Arts

SFUO event gathers performers to share their message on race

Photo: Christelle Musambi

People have countless different ways to express their struggles.

Students showcased a variety of their at a performance event called Responding to Racism Through Art on March 27. The event closed off United Against Racism Week, hosted by the Student Federation of the University of Ottawa. It allowed students to partake in artistic dialogue regarding racial issues and their everyday struggles with discrimination.

Kicking the night off, rapper Rashidi Kabamba, a Carleton University student, walked students through a black history lesson, verse after verse, reminding all to take pride in their roots

Following on the same path, hip-hop duo Patrick Michel and Eddyson Pierre took their music style back to the ‘90s, an era when hip-hop was a voice for the oppressed, they said. For them, hip-hop was more than a vehicle for hedonistic promotion, but an instrument for social change.

A poetic performance by U of O sociology and anthropology alumnus Anny Sam detailed vivid feelings of internalized racism, and how it pushed her to minimize cultural aspects of her upbringing in the hopes of blending into her surroundings. It was a theme that resonated with many performers that night, who said that at one time or another they stopped themselves from being all that they were because of feelings of inadequacy and self-hatred.

Several poetics used artistic wordplay to emphasize how people who have been marginalized are portrayed in the media, and the importance of peeling back the layers of the system that continues to perpetuate these inaccuracies. Amy Iliza, a third-year student in international development, described this phenomenon.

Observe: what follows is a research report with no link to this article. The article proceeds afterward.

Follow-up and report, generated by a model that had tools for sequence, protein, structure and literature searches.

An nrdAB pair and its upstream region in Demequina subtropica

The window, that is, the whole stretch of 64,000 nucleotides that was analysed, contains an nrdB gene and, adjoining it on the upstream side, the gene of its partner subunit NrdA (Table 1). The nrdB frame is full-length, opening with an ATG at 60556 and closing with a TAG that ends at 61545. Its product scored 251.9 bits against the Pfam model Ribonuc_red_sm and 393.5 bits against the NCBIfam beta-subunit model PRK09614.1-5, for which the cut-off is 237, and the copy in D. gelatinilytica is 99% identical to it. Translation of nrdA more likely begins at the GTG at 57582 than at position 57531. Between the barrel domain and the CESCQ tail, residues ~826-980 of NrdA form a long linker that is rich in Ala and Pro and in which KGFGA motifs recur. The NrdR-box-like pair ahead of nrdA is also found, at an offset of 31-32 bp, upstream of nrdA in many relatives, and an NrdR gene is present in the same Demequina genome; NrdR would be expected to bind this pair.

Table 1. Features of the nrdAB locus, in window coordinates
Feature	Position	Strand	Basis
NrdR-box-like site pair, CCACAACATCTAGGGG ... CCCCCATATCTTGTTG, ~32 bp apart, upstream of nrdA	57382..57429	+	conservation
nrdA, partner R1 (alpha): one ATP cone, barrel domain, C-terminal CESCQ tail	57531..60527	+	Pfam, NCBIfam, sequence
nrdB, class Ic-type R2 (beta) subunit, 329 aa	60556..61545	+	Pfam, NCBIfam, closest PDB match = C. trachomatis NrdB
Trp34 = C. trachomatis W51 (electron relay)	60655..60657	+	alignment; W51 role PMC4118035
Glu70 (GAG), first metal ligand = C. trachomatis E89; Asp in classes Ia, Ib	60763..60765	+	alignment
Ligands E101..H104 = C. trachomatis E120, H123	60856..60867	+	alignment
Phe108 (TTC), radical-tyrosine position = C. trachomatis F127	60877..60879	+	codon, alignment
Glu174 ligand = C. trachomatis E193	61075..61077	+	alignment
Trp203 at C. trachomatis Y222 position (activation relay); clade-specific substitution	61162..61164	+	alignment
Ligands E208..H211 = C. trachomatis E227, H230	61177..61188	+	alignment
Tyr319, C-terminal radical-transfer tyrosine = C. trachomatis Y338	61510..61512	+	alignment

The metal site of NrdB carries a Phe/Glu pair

“I believe that it’s difficult to not point the finger towards the people who belong to the race who has pointed their fingers at us,” said Iliza. “But it is primordial to remember that the systems are poisonous, the systems are unjust. It’s the systems that need to be abolished, not the people that they protect.”

Iliza, who has written since high school, discussed during her spoken word performance what people see when they look at hermainly the “angry black woman” label that has become overly used to describe a woman of colour. She said she hopes that the event will serve to encourage those who feel alone in their racial struggles.

“When people hear you speak about things they relate to, it gives them the courage to speak up for themselves as well.”

The night ended with a call to action from poet Louise Boileau, a third-year social sciences student, who said that people of colour are in a “state of emergency” and that all people need to be there for each other.

“We continue to be told that these lives don’t matter, but it is crucial that we protect each other,” she said. “We need to speak loudly and clearly that our lives do matter.”